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When Will Teachers Learn? Don't Talk About Students On Facebook!

By Monica Bielanko |

Update your status at your own risk, teachers.

Another teacher has lost her job for posting not so nice things about her students on Facebook.

This time, I don’t feel bad for her. We’ve heard these stories before so you’d think that by now teachers would consider Facebook off-limits when venting about their jobs. Even if your page is private, you never know which one of your “friends” will take a screen shot and report you. Someone is always watching. Always.

As Yahoo reports, a first-grade teacher learned that lesson the hard way. A New Jersey administrative law judge has ruled that Jennifer O’Brien should lose her tenured job for writing that she was a “warden for future criminals” on Facebook earlier this year.

The Paterson teacher posted her remark to 333 friends on March 28. But it was forwarded (DUH!) and several parents saw it. O’Brien, who plans to appeal the ruling, testified that she wrote the post in exasperation because several students kept disrupting her lessons and one boy had recently hit her. Nonetheless, the judge called O’Brien’s conduct “inexcusable.”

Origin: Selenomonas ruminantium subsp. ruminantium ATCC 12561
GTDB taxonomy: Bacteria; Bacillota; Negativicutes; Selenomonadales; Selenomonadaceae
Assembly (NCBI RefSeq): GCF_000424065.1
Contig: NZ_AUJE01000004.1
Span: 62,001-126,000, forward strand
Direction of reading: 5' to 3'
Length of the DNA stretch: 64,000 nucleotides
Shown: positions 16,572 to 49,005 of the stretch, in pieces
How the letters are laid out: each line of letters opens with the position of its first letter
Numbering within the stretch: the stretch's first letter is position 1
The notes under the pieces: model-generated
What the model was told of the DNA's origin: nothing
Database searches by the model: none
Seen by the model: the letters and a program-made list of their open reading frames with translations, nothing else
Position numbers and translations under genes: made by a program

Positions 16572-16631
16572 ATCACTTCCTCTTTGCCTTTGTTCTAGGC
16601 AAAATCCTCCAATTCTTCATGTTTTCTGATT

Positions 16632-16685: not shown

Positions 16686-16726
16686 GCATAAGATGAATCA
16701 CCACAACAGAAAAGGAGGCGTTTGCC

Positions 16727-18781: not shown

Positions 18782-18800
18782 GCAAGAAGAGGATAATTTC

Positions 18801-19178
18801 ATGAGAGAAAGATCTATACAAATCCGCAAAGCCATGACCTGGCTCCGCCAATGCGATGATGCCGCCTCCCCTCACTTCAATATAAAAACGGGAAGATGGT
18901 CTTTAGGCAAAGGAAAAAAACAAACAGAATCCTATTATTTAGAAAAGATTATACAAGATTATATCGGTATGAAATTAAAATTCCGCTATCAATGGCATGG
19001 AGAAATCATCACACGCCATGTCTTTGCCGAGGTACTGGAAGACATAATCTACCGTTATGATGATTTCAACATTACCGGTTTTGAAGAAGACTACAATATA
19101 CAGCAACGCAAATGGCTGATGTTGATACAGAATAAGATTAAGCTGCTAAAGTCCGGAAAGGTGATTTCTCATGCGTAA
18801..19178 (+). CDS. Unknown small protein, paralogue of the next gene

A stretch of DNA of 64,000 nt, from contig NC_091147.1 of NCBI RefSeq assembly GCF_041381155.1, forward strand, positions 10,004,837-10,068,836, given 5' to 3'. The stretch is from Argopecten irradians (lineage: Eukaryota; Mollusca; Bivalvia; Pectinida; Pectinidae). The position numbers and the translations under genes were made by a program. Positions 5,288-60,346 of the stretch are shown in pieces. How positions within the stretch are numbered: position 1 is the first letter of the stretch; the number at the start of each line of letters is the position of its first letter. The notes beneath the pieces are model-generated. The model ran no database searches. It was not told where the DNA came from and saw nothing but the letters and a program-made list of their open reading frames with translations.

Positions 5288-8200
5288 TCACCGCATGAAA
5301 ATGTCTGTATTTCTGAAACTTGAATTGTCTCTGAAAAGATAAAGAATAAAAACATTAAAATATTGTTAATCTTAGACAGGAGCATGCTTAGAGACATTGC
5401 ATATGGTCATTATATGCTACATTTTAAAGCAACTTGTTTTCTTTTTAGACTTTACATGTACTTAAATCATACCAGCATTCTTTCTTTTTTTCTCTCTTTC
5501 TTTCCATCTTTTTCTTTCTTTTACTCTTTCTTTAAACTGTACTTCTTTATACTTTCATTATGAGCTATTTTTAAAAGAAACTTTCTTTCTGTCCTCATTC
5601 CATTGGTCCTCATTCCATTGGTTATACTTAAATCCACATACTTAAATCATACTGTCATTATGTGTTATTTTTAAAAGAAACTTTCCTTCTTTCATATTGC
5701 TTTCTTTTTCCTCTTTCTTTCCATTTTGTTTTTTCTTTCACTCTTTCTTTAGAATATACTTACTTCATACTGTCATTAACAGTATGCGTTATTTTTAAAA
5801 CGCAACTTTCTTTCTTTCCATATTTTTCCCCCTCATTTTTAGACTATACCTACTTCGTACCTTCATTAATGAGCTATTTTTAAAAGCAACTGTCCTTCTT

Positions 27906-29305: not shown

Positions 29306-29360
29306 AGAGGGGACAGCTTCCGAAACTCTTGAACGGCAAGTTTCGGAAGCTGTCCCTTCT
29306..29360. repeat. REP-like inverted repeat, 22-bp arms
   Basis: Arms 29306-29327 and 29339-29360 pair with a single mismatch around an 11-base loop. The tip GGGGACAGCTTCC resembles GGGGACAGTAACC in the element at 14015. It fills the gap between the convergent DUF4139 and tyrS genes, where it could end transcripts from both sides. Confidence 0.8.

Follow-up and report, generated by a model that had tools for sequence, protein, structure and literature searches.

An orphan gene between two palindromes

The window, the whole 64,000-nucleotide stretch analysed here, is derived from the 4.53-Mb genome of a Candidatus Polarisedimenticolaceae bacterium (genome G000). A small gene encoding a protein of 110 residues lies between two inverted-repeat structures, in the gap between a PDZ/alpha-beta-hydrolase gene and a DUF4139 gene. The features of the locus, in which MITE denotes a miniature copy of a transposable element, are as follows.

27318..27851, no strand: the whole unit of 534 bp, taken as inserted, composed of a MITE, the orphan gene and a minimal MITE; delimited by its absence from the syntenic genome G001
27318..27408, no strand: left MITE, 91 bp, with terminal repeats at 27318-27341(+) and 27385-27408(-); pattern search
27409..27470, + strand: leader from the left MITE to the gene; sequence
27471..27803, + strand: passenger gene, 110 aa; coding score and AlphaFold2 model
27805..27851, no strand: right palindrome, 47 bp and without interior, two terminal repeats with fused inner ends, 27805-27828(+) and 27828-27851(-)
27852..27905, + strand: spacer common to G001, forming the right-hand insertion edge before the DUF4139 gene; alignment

The state education commissioner now has 45 days to accept, reject or modify the decision regarding Jennifer O’Brien.

What do you think? Is the judge’s ruling appropriate? If you saw your child’s teacher wrote a similar post on Facebook how would you react?

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About Monica Bielanko


Monica Bielanko

Monica Bielanko was raised on the wild frontier of late 1970's Utah. She is a recovering Mormon who married the guitar player of an unknown band. She's been married to her Babble Voices writing partner, Serge Bielanko, for the past nine years. Her personal blog, The Girl Who was in the top ten of last year's Top 50 list. Read bio and latest posts → Read Monica's latest posts →